Opinion: The Slow Death of the FA Cup
Jeevan Jeyaratnam, a partner at Super Soccer Oddsfeed, says he is concerned by the approach of the biggest clubs to the FA Cup, the world’s oldest cup competition.
There were a number of high profile ‘shocks’ in last weekend’s FA Cup 4th round. Is this just the ‘magic’ of the FA Cup, where the unlikely becomes more likely due to the passion and history of the world’s oldest cup competition, or is it something rather more opaque…
Closer examination brings into question the use of the word ‘shock’, for many of the favoured, stronger, sides fielded noticeably weaker starting XI’s than usual.
The thirteen Premier League clubs made an average of 7.50 changes per team from their previous line-ups. By way of comparison, Premier League sides have made an average of 2.06 changes from one fixture to the next so far this season.
The top championship sides also made a raft of changes, with Leeds making ten, while both Brighton and Newcastle made nine. All three championship teams lost to lower ranker opposition. Liverpool, Watford and Hull were other losing favourites.
The problem lies not just with the managers, but perhaps with the fixture list itself. There is a heavy mid-week Premier League and Championship programme following hot on the heels of the 4th round. With no winter break to rest players, allied to the loss of stars to the African Cup of Nations, squads have been stretched. Personally I feel that there is just too much football in the UK; the 24 team Championship division features more games than any of the other European leagues.
The recently agreed Premier League TV deal means that promotion to the Premier League is such a valuable prize that it forces a huge pressure on those sides who have a chance of winning promotion; who can blame the Championship clubs for making wholesale changes. The total prize purse is ‘just’ £3.4 million for a club progressing from entry at the 3rd round to winning the competition.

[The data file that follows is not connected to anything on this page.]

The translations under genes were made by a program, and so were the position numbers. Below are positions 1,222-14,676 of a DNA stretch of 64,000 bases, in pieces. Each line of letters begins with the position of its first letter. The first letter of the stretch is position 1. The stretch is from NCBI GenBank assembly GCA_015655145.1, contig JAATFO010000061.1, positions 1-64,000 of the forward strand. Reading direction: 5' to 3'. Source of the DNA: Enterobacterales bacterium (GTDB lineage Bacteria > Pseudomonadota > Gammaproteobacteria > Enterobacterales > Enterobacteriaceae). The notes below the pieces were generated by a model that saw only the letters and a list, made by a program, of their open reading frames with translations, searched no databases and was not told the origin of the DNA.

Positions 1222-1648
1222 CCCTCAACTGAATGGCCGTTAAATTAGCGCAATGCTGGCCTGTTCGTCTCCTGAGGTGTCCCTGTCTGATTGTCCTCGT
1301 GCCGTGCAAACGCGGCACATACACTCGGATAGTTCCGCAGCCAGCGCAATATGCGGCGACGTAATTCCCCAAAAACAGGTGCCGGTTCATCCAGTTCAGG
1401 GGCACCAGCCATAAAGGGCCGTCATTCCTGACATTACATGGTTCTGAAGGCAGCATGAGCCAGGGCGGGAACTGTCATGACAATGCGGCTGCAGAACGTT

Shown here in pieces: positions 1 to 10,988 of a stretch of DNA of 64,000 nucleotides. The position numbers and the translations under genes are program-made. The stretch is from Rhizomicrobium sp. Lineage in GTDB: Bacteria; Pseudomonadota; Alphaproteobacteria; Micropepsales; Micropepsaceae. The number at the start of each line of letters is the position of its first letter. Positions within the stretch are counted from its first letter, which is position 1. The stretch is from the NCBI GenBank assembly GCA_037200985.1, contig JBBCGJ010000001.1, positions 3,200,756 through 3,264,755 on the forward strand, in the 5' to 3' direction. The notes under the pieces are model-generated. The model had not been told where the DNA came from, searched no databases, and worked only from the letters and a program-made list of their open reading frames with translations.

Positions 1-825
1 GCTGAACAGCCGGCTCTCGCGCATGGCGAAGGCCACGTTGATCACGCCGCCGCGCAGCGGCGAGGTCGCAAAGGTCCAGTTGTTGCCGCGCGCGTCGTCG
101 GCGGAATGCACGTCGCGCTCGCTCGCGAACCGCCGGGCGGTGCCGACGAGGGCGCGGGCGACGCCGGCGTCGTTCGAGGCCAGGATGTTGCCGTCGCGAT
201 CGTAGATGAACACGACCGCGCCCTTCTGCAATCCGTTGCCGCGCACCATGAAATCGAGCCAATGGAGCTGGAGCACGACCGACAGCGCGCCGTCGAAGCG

This has devalued the competition greatly, no wonder it’s taken lightly by managers. A cursory glance at the forecasted Premier League prize fund breakdown for season 2016-2017 shows that even the bottom placed side will collect circa £98 million. There just isn’t a comparison when it comes to importance. Money has taken over.
At Super Soccer Oddsfeed, we’re very experienced in dealing with weakened line-ups to provide accurate goalscoring pricing, especially since the League Cup has been like this for years. That said, it still takes some thinking about, and even then there isn’t a guarantee that all bases are covered.
For example, Man Utd introduced Axel Tuanzebe in their 4-0 win over Wigan. He is a product of their youth system, he’s played 14 times in the Premier League 2 at centre-back, scoring once, but not featured for the first team.
Although he was in our database, he wasn’t on the radar as likely to make the step up this early in his development. Youth team players slipping through the net are a relatively small issue; most punters wouldn’t be aware of them, and a young defender like Tuanzebe isn’t likely to feature very highly on many punters’ lists of viable goalscorers.
A far bigger matter is making sure we don’t leave ourselves exposed when high profile goalscorers are left out. Diego Costa, for example, is by far Chelsea’s most likely scorer in the Premier League. We have to approach the pricing slightly differently for domestic cup games as he is unlikely (but crucially, not ruled out) to start.
Michy Batshuayi, normally a substitute in the league, suddenly becomes more likely to start, and therefore score. While we must always price players as if they were starting, naturally we do take into account the most likely starting XI and taper other players accordingly. For an FA Cup tie, the ‘gap’ between our ratings of Costa and Batshuayi is reduced.